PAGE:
2nd witness, Hans Edvard Hansen, Chief Officer, ... He stated that the vessel arrived in Muscat Cove at 2.25 o'clock (ship's time). At 8.50 o'clock (ship's time) when he was sitting in his cabin, which was situated at the after part of the amidship, he suddenly noticed a violent shaking. He did not hear any explosion, but everything in his cabin tumbled down. He went out on deck and saw that the after part of the ship had already disappeared. He heard the sound of rushing air above him and thought that the vessel had been bombed. As he thought that the ship might capsize, he jumped over board together with the 2nd Officer. He was swimming about for a couple of minutes and then went on board again. He assisted in getting the lifeboats into the water. Witness remained on board and assisted in getting as much as possible of the ship's equipment and other things down into the boats. At the same time a large boat arrived from the shore into which was taken a good deal of these things. He ramained on board for a couple of hours. Witness was aware that the British Consul did very good work in connection with the saving of those who were swimming about in the sea and with making arrangements for and organising the salving of the ship's belongings. Witness stayed with the British Consul for 2 days. He went to Casab Bay and later to Bombay. Boat drill had been carried out and the lowering of the lifeboats was done without difficulty.


    3rd witness, Trygve Magdahl, 2nd Officer ...Witness stated that on the 28th June, in the morning, he was on watch when the caualty occured. He was standing at the gang-way, approximately amidships, on the starboard side. He heard something like an explosion without any heavy report. He did not see any line, or anything similar, in the water. He felt a heavy blast. The after part of the ship was at once blown away and witness saw planks etc. being forced up from the deck and blown up into the air. First he thought that it was the magazine which had exploded and then thought that it was a torpedo. 10 minutes later he was under the impression that he heard thesound of an airplane, but did not connect this with any bombing of the ship. Directly after the casualty he jumped over board together with the Chief Officer as the vessel was heeling over and he was afraid she was going to capsize. He was of opinion that he was only swimming for about 1/2 a minute and then went on board and assisted with the saving of those who were swimming about. Later he was assisting with bringing the ship's various belongings and appurtenances into the boats and ashore. Witness assisted with putting the boats into the water and this was carried out without any great difficulty. Boat drill had been carried out on board.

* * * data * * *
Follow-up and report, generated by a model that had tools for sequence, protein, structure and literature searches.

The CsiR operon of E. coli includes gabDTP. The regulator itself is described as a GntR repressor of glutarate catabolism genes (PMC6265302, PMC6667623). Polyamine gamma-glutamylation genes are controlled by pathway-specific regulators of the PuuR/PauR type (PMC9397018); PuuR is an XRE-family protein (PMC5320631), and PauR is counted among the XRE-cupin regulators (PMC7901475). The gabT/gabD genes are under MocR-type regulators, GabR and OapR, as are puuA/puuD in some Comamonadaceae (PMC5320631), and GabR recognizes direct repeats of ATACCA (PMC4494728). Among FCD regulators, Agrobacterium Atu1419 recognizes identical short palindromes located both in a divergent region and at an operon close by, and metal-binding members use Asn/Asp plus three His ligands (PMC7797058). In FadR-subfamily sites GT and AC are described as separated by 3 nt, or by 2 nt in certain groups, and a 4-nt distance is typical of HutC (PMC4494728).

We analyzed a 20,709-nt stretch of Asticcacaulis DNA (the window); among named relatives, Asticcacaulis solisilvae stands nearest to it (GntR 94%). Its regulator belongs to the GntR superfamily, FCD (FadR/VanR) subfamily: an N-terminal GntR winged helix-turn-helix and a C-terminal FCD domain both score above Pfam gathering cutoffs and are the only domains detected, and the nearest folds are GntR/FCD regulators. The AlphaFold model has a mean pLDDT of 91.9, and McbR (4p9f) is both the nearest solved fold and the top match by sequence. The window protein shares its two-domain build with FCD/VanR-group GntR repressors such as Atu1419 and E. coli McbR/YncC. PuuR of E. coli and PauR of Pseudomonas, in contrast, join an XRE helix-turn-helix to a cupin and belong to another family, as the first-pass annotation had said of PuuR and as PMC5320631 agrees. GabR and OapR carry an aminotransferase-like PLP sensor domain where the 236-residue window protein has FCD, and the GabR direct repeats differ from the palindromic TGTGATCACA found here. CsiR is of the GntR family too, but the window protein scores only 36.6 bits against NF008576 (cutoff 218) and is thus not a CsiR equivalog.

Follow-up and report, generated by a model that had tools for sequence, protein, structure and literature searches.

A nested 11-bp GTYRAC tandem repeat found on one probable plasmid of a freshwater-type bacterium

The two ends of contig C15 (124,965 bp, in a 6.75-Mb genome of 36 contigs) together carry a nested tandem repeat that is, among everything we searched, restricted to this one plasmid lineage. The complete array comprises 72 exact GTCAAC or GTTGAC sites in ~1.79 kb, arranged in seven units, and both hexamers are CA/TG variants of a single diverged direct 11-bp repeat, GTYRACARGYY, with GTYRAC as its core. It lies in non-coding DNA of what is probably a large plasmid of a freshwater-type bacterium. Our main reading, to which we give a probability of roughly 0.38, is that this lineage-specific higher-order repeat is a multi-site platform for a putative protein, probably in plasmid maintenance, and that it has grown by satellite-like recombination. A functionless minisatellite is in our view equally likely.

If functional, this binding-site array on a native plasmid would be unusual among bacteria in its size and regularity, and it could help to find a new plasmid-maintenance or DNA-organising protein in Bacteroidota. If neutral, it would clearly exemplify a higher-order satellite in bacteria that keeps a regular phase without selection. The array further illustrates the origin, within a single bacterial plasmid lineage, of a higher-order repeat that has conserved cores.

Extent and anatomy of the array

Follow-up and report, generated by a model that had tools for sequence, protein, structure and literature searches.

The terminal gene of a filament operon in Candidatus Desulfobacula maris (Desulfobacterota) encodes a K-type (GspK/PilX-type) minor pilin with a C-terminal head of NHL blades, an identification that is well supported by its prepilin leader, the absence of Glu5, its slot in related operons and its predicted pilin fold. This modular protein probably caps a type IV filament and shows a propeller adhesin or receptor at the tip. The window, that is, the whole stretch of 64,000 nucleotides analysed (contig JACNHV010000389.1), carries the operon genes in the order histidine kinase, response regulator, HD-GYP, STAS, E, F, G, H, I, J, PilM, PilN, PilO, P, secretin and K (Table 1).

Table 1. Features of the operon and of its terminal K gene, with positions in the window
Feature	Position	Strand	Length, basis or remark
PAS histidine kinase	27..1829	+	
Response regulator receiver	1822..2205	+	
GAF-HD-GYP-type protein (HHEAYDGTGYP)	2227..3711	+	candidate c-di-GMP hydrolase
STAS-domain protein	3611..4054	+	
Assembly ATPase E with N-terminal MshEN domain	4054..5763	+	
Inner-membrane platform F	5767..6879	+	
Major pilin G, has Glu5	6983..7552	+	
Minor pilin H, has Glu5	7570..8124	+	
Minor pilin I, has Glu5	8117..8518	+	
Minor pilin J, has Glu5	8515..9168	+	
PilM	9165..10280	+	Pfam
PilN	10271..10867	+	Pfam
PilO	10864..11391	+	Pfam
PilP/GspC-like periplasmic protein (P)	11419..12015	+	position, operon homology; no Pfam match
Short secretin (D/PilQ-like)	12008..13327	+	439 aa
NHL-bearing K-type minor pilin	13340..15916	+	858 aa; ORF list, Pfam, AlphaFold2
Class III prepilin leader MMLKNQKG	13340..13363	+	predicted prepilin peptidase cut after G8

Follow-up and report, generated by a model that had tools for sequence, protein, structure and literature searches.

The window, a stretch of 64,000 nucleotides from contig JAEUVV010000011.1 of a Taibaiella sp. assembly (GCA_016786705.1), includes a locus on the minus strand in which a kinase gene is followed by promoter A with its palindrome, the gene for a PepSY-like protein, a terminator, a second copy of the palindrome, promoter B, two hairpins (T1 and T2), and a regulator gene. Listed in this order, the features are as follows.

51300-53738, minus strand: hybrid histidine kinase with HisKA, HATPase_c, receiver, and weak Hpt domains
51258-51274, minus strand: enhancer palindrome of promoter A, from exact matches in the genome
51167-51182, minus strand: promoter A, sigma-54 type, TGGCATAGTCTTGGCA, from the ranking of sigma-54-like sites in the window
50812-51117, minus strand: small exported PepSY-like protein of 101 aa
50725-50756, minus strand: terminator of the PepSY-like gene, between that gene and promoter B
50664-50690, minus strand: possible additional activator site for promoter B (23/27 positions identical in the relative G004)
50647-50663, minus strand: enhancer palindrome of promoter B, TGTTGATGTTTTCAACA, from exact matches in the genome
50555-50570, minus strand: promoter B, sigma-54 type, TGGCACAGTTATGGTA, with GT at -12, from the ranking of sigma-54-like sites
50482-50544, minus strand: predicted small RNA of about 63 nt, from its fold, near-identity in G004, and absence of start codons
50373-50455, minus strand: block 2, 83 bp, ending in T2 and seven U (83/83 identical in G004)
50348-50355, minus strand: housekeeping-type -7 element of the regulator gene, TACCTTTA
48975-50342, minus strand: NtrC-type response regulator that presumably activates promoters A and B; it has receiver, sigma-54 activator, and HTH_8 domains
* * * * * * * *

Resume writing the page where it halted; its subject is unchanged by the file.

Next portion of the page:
4th witness, Arne Sigvald Breda Grønneberg, ... Engineer Assistant .. Witness stated that he was in the engine room when the causalty occurred at 8.50 o'clock ship's time. After witness had heard a violent explosion the engine room was filled witn smoke and dust. Witness felt a heavy blast and everything which could tumble down did so. Among other things witness was struck on the face by one or more objects and was bleeding somewhat. He remained in the engine room for a time until the falling down of things had subsided. When he saw water come rushing in from the tunnel he went up on deck. Whilst in the engine room he had noticed that the vessel heeled to starboard. At first he thought that the casualty was due to sabotage or to a mine. When he came on deck he saw that the whole of the after part of the ship had sunk. He assisted with the launching of the lifeboats and this was carried out without difficulty. He had been on board nearly 4 months and had not seen any boat drill, but he had many times seen the boats being swing out. Witness was in one of the first boats which were rowed ashore and he was accompanied to the hospital to be bandaged.


    The statements of the witnesses were, in all essentials, in accordance with the log extract. The Captain confirmed that there had not been any lifeboat drill for over 3 months, namely on the 16th March, but since then the motor boat had been in the water on several occasions and the lifeboats were constantly swung out so that the Captain was of opinion that the precautions taken were completely adequate.

    ... The Captain asked the Administrator to draw the attention of the Norwegian Government to the great and excellent assistance rendered to him and the ship by the British Consul in this matter in order that he (the Consul) might be thanked by the Norwegian Authorities in this connection.